Tuesday, August 2, 2016

Star Trek Beyond



Hi there! Welcome to I'm So Glad My Suffering Amuses You, a blog with a mission to explore strange new sentence structures. I'm Dave-El and I don't think Scotty's going to beam my ass out of here. 

This past weekend, the El family ventured forth from the Fortress of Ineptitude to go see Star Trek Beyond. I had wanted to see it the weekend before but apparently our very summertime sort of day took way too much out of us to have the energy to go see a movie the next day. So we had to wait a week to build up our strength. 

While I post a lot on this blog about Doctor Who, my first big sci-fi love was Star Trek. I watched the classic reruns when I was a kid and later in the 1980's and 1990's, I followed religiously The Next Generation, Deep Space Nine and (alas!) Voyager. (Forgive me, I knew not what I was doing.)  

I greeted the 2009 reboot with no small degree of trepidation, fearful that it would invalidate what I had seen before. Still, 2009's Star Trek was a nimble and cleverly done movie. It took too long to get the 2nd movie and when Into Darkness did arrive, it seemed too riddled with missed opportunities.

A lot was riding on Star Trek Beyond. The reboot had taken familiar characters but put them in unfamiliar terrain. I wanted this reboot to work but I needed to care about this version of Capt. Kirk and his team of officers. Star Trek Beyond not only needed to entertain me, I needed to care.

So what are my thoughts on this latest cinematic Star Trek entry? First of all and the thing that struck me the most was this is a team movie. Yes, Capt. Kirk gets some significant solo heroic moments in the film, true. But it's amazing to see that everyone in the cast gets some badass things to do. Sulu gets to be a badass. Uhura gets to be a badass. Chekov, Bones, Spock, Scotty all get to be a badass. This is perhaps the most even distribution of character development in a Star Trek movie in, like, ever.

There's a lot of humor but that's OK. First of all, when you have a screenplay co-written by Simon Pegg, you've gotta expect the funny. But most of it flows naturally out of the respective characters. Yes, the opening bit where Kirk is overrun by vicious but really tiny aliens borders a bit on slapstick. And I'm sure some Star Trek purists may object to the re-appearance of "Sabotage" by The Beastie Boys. (I was cool with it.) Otherwise, the humor is character driven, making an effective counterpoint to the drama.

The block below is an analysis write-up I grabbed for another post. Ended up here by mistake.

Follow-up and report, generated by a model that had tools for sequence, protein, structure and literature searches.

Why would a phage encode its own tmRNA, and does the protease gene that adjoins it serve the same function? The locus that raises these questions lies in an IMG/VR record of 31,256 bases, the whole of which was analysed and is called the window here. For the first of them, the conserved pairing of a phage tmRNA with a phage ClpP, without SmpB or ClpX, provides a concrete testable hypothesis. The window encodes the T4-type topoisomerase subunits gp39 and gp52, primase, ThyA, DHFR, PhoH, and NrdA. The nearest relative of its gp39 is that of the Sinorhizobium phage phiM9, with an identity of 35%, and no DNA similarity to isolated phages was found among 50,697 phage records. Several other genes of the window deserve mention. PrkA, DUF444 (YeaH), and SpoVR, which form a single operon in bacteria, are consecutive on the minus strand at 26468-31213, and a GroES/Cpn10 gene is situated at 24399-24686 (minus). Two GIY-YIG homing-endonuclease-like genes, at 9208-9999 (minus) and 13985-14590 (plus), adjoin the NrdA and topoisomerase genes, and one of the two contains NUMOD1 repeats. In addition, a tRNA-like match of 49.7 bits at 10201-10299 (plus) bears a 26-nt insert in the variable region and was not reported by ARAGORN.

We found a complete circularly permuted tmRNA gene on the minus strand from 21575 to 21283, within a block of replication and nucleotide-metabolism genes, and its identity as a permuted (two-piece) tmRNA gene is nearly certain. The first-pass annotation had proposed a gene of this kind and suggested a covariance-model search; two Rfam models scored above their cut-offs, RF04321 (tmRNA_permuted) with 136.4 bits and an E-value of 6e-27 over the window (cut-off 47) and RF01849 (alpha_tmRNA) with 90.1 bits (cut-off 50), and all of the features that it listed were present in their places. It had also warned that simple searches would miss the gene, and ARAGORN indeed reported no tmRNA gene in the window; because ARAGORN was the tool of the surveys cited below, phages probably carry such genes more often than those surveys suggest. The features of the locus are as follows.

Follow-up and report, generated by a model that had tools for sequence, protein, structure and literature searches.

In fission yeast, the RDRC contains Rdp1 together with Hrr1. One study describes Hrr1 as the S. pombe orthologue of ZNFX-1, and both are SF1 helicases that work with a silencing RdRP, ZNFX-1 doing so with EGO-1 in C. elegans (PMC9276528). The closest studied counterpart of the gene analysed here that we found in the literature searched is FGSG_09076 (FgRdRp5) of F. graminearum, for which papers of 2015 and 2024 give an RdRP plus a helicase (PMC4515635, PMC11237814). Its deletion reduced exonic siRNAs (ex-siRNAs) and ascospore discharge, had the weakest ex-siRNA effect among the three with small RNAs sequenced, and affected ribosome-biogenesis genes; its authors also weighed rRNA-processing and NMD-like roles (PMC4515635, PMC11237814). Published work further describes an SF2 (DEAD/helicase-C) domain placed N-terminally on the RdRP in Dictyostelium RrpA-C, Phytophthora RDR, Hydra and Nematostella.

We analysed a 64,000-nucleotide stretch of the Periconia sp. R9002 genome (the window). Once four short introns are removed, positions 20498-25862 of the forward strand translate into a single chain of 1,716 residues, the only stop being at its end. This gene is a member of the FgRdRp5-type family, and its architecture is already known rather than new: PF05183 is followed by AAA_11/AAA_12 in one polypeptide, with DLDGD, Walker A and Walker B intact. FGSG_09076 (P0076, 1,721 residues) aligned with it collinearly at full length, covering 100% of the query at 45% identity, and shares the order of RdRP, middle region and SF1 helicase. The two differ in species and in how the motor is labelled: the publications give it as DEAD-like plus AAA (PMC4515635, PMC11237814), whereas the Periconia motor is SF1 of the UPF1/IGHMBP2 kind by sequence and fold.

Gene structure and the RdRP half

And yes, there is drama. At a personal level, we see Capt. Kirk not exactly dealing well with the demands of long term deep space travel, particularly as he is now older than his father when he died. Spock is also facing a dilemma about his destiny, to stay with Starfleet and on the Enterprise or return to New Vulcan. It's a quandary that takes on added weight when he learns that the other Spock, the one from the alternate timeline, is dead. 

And then there is the larger drama, of the Enterprise outgunned and shattered, the crew seriously outmatched and defeated. This is as desperate a situation as we've ever seen any Star Trek crew face and against an implacable and powerful foe who knows way too much about them.  

I've seen some criticism that Star Trek Beyond is a TV show episode with a bigger budget. I will agree with that statement but I disagree that it's a criticism. I saw it as a strength. What we got here was an exciting adventure with key character moments that help us get to know better these new versions of beloved characters. Sometimes we just need to see people we care about doing awesome stuff. And Star Trek Beyond delivers on that mission.